Gibson Les Paul Special
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Gibson Les Paul Special. Les Paul Junior. Les Paul Doublecut. There's been more than a little confusion over the years regarding these models, as Gibson has changed the names and design details of their entry- and mid-level Les Paul guitars to adapt to changing market trends and player demands. The Les Paul Special, priced at $169.50, was originally introduced in late 1955 as an intermediate model between the Les Paul Junior, the single-pickup $99.50 student model introduced in 1954, and the Goldtop, or then-standard model, priced at $235, and originally introduced in 1952. (The legendary Les Paul Standard model, featuring the then-newly designed humbucker pickups and sporting a sunburst finish, was introduced in 1958 - but that's another story!) The first Specials were single-cutaway, flat-top (not carved) solid mahogany models, loaded with a pair of soapbar P-90 single coil pickups, and featuring a wraparound bridge/tailpiece, bound fretboard and inlaid Gibson headstock logo. They were finished in limed mahogany, or TV Yellow, which had the advantage of looking good on the black-and-white television sets of the day, but avoiding the overpowering flashes of glare that the early tube-driven TV cameras would pick up from objects with a high-gloss finish.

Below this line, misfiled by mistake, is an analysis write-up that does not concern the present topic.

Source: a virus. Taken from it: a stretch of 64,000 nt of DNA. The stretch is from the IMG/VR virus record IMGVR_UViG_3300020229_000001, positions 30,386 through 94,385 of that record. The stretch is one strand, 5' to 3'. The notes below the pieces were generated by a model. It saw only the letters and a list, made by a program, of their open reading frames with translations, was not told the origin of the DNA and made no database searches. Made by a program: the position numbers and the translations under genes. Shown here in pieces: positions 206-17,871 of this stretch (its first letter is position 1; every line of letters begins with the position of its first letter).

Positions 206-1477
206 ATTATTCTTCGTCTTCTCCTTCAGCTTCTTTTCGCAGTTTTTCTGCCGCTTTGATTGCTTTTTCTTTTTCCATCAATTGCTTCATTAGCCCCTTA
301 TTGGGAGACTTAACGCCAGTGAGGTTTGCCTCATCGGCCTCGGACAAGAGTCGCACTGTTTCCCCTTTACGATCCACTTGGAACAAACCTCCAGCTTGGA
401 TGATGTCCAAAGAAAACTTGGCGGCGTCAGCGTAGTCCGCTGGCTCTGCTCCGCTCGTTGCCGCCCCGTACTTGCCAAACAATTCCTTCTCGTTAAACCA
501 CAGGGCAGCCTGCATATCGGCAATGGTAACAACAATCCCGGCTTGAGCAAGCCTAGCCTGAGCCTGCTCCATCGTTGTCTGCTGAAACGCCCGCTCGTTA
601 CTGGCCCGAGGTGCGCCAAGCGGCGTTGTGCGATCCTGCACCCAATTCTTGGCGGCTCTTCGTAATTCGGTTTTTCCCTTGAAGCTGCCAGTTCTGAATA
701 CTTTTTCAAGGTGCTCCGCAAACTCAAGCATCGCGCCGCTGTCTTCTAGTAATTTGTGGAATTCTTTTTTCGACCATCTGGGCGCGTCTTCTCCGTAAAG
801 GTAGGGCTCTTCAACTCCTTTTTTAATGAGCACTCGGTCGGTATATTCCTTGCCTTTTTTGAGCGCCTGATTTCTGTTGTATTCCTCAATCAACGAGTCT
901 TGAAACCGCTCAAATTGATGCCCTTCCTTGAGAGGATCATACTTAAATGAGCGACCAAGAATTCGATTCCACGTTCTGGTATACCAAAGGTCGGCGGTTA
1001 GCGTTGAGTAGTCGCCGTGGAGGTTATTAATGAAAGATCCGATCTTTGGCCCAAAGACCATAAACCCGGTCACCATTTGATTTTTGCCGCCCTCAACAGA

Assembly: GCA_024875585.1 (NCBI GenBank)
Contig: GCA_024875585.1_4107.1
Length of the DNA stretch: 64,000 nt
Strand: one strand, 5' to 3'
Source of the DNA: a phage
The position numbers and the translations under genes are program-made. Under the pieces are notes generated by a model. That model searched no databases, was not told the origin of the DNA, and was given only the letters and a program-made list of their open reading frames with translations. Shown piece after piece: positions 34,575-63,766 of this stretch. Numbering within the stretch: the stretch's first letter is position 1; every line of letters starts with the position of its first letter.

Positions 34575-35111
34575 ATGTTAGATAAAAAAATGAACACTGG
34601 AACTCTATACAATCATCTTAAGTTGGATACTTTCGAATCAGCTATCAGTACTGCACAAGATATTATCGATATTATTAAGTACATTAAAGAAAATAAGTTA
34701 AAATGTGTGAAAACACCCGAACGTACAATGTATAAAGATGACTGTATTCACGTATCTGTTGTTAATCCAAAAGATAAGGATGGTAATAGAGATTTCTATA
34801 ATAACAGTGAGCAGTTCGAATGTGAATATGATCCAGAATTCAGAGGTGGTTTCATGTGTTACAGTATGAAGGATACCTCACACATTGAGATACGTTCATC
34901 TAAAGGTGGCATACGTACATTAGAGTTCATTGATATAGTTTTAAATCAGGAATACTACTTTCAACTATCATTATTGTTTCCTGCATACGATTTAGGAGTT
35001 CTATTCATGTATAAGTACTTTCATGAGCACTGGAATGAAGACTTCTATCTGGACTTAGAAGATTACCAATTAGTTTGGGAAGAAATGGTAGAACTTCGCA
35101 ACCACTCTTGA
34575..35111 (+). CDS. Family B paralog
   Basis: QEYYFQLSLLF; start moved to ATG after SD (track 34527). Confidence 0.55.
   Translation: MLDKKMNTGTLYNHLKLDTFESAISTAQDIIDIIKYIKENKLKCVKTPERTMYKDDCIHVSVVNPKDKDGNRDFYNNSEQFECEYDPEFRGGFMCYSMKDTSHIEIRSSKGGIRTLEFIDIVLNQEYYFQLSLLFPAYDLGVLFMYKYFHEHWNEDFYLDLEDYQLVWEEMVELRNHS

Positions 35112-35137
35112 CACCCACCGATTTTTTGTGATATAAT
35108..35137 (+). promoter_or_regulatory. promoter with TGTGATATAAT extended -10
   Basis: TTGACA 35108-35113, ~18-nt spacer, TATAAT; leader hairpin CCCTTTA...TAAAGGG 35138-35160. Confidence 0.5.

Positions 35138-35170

The Gibson Les Paul Special was revamped in 1959 with a double rounded cutaway body (as opposed to the future SG's pointed cutaways), and has seen numerous design and finish changes since, but has always retained the classic Gibson vibe and mojo, as can be seen by the roster of legendary players who have rocked a Special at some point in their career. For instance, Jethro Tull's Martin Barre used a '58 LP Special in addition to his "59 LP Standard; Jazz axemaster Larry Carlton used a 1956 Les Paul Special as well as his more familiar ES 335; John Lennon used a Special in his post-Beatles career, as well as a modified LP Junior; Jimi Hendrix had been known to occasionally wield a Special, and, of course, the late Bob Marley's legendary LP Special is reportedly still on display at his museum in Jamaica.
Today, there are a number of authentic Gibson Les Paul Special models available, from an updated P-90-equipped Single Cutaway model with a more modern, slim-tapered neck profile, finished in Alpine White or Cherry, to the 1960 Single Cutaway VOS (Vintage Original Spec) model with TV Yellow finish, P-90's, and wraparound tailpiece, and a similar VOS Double Cutaway model. Gibson's Custom Shop also offers several period-correct models in single- and double-cutaway versions. Whichever model you choose, you've got plenty of vintage vibe and modern Gibson craftsmanship backing you up.
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